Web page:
Rebel without a Curfew
I couldn’t wait to get to college in the fall of 1969. Coming from the “semi-small town” of Seward, Neb., with a population of 4,210 people, I anxiously awaited being on my own with no parents looking over my shoulder!
Being “assigned” to Johnson Hall was quite an experience, with Ms. Eberhardt serving as the “mother” for all of us Johnsonites.
Our secret to popularity: a large basement window that opened just wide enough to accommodate anyone looking to dodge curfew.
Ms. Eberhardt was quite the imposing presence. She looked like she was seven feet tall! I always recalled her wearing calico fabric dresses with maybe a little bit of lace around the neckline. And those big, black one-inch heels with hose. Scary!
I was assigned to the basement level. My roommate, Brenda Harris (’73) (whom I didn’t know beforehand), and I had to get used to each other. I was used to my own room at home. I had three brothers at home who were all “crammed” in their bedroom while I “luxuriated” in my own bedroom.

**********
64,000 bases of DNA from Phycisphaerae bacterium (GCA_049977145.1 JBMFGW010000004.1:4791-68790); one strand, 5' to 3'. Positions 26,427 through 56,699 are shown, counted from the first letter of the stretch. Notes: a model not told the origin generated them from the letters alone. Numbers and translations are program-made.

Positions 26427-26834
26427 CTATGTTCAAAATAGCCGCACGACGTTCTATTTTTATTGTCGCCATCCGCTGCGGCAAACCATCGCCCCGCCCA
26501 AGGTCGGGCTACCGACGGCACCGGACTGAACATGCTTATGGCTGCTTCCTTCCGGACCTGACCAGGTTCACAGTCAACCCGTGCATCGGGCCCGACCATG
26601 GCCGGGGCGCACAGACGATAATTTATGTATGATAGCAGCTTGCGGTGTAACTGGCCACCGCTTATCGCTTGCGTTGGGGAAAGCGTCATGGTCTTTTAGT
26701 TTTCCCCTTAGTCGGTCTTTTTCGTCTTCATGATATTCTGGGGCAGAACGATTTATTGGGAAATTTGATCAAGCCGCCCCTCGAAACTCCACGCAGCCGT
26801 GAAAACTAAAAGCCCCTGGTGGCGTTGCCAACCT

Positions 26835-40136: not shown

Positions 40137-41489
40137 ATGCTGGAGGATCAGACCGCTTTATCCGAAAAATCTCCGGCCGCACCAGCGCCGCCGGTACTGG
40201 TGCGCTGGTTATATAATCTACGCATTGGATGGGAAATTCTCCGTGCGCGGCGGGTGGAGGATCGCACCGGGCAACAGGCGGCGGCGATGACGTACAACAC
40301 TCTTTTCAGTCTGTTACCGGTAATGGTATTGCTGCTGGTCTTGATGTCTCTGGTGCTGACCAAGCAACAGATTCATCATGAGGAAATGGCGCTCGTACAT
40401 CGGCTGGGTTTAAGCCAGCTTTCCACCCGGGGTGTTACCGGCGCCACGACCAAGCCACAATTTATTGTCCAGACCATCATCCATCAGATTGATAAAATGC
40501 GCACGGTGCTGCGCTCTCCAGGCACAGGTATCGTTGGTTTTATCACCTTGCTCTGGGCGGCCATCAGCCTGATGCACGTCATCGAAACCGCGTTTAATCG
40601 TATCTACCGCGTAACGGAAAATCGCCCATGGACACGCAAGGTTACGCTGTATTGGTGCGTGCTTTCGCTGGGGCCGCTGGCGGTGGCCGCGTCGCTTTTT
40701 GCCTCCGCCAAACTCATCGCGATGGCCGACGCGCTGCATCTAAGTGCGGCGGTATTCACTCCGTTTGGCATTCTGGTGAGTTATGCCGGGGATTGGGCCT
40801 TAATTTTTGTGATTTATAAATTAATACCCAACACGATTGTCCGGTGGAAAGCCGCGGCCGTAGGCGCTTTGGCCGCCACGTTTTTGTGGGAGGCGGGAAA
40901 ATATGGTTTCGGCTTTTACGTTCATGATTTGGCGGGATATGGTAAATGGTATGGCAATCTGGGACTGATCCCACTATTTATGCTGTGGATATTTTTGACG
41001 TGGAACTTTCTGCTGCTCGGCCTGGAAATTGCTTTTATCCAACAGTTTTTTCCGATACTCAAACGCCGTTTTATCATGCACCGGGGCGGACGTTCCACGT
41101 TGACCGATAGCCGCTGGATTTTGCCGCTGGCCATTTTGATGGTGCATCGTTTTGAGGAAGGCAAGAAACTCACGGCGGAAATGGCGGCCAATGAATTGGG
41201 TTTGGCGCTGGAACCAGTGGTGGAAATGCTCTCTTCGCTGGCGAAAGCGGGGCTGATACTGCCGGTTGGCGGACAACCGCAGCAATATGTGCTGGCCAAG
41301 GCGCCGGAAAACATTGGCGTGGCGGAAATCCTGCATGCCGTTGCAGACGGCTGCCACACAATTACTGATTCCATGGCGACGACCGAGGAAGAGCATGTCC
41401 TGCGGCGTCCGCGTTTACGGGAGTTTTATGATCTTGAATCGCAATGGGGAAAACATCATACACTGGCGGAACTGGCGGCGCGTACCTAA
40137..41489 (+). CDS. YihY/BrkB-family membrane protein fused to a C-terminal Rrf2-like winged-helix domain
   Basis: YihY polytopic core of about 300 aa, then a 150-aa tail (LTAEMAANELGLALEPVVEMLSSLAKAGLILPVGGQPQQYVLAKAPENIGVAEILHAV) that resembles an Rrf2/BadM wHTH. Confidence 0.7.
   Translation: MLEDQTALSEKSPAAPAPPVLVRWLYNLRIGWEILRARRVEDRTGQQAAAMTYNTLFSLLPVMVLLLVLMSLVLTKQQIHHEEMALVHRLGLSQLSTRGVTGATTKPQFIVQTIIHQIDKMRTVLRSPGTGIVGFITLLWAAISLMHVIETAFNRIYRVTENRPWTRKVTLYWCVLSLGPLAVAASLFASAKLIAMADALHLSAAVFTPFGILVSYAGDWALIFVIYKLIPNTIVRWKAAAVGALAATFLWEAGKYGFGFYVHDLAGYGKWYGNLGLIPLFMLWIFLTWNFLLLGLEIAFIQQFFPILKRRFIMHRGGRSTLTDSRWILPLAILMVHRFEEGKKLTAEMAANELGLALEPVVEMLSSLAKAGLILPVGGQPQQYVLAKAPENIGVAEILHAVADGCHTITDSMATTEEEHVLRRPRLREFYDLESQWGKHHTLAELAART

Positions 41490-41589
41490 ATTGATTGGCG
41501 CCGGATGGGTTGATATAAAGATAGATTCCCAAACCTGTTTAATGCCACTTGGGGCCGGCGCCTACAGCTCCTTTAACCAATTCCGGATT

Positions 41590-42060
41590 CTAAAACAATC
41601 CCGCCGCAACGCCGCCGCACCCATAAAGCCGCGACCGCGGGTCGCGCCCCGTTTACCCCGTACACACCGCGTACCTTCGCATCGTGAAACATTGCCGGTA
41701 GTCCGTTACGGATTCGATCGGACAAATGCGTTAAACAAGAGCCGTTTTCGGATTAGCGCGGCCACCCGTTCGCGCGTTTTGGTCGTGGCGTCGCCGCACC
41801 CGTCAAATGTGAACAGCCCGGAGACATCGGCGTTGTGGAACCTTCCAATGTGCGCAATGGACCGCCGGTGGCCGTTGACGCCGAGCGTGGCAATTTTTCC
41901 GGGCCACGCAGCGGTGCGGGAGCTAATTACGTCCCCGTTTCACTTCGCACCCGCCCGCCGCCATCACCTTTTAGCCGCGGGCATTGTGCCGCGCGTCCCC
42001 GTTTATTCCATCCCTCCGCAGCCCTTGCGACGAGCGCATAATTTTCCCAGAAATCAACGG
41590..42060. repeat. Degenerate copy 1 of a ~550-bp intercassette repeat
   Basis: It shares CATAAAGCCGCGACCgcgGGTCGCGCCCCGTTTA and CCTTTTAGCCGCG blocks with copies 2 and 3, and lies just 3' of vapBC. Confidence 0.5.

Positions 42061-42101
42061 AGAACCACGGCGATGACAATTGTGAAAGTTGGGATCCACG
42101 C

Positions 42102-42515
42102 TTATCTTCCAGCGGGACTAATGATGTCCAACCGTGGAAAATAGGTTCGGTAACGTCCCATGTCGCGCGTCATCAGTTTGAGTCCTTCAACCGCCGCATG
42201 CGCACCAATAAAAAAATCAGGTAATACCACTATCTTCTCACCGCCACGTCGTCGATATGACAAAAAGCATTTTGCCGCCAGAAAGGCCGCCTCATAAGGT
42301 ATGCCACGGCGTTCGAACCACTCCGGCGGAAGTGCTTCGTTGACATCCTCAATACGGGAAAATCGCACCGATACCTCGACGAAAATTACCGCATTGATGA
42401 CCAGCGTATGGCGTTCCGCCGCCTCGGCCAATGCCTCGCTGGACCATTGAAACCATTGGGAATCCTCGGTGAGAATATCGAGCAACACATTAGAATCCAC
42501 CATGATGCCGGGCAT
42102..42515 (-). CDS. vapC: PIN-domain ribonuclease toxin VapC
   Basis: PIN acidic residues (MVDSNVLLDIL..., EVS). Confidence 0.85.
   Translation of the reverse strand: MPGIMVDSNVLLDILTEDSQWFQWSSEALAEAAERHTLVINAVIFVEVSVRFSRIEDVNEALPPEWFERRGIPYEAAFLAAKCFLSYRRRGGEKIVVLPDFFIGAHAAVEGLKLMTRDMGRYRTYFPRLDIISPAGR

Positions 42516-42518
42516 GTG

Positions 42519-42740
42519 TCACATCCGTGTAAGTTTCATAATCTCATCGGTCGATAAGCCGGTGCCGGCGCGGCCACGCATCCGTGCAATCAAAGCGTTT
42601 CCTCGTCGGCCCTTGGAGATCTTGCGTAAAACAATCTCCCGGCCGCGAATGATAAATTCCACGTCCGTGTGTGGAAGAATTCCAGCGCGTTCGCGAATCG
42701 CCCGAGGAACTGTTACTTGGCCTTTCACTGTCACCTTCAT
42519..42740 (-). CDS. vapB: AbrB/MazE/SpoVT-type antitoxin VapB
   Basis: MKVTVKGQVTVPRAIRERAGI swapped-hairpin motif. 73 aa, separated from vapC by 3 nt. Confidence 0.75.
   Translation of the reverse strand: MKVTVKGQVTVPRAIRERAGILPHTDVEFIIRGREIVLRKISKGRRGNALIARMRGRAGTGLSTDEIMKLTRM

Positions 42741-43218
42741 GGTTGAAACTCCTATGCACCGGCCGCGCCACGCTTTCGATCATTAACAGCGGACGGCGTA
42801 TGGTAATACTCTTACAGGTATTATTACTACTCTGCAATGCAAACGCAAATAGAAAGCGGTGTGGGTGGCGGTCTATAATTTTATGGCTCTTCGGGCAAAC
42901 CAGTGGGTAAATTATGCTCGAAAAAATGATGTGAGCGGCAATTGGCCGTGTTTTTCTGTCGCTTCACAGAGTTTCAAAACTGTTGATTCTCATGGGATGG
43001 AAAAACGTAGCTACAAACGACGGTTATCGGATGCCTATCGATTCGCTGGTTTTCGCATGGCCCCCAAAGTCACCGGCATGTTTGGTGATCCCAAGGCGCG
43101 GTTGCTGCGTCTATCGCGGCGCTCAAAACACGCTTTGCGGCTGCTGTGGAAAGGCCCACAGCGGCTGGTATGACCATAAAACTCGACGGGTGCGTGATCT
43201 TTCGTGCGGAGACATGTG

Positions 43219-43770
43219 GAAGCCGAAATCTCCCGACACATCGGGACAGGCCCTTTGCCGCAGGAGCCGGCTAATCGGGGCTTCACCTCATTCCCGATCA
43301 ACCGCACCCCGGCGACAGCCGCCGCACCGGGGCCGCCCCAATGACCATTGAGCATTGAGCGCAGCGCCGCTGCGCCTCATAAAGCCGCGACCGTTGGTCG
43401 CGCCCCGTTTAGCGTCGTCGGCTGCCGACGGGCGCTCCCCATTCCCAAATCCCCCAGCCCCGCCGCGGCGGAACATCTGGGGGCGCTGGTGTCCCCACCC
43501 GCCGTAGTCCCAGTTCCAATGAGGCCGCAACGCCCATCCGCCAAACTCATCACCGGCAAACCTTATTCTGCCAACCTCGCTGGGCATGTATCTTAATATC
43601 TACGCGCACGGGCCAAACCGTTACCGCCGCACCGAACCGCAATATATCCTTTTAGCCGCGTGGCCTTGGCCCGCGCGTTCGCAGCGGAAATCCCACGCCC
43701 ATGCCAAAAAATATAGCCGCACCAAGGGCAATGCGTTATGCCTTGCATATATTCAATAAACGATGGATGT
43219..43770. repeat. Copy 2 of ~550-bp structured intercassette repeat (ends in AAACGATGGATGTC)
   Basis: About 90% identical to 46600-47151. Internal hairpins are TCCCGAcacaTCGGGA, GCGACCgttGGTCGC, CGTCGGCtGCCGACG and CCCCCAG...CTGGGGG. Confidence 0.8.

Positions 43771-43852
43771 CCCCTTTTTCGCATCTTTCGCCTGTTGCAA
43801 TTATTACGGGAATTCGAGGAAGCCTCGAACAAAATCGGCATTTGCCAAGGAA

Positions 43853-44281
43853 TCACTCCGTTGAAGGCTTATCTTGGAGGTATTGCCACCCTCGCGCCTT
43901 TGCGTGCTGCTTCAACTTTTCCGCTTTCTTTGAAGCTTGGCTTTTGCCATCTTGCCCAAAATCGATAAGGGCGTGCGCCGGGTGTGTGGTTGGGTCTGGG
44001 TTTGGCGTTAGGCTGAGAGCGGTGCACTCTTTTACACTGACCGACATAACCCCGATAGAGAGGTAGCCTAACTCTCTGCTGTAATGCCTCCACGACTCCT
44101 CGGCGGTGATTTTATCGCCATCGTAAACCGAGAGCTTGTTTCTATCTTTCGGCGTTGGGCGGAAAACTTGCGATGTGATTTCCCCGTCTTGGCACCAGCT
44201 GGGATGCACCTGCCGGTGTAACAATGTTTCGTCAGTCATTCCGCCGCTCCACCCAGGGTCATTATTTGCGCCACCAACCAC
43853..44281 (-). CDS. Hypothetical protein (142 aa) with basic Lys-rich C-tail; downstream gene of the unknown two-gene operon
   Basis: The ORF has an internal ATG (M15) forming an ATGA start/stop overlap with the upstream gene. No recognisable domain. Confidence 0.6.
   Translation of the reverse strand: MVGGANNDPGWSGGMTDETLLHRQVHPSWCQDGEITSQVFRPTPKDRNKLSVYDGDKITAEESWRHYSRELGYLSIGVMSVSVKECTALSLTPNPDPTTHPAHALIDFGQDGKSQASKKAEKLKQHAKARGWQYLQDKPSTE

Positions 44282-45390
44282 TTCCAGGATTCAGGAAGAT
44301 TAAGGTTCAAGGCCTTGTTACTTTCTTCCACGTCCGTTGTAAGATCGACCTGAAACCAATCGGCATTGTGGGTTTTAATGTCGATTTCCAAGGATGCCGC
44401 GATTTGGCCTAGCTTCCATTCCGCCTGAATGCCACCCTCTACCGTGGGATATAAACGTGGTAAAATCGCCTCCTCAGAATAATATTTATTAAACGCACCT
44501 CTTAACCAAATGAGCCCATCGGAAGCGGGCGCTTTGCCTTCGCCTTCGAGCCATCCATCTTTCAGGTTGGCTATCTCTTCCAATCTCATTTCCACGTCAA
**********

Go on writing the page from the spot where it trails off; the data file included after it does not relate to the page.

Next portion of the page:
Well, all that privacy was down the toilet—figuratively, as well as in reality! But Brenda and I soon learned to be quite popular among all those freshmen “beauties.”
Our secret to popularity: a large basement window that opened just wide enough to accommodate anyone looking to dodge curfew and the wrath of Ms. E.
I don’t recall getting any extra favors from these girls, but it sure was fun to hear them rap on our glass and whisper, “Let us in!”
Oh, we also rebelled in decorating our room. Seeing the drab tan walls and the worn desks, I made a collage of blue sky and clouds and taped it to our ceiling.
Well, the janitor ratted us out. Thus Ms. Eberhardt gave us demerits and put us on “parole” for a week.
So the sky fell, but our window remained open to our Johnson Hall girls. I sure do wish I’d had a camera then.
For stories and photos from Johnson Hall alumni, visit johnsonhall.nebrwesleyan.edu.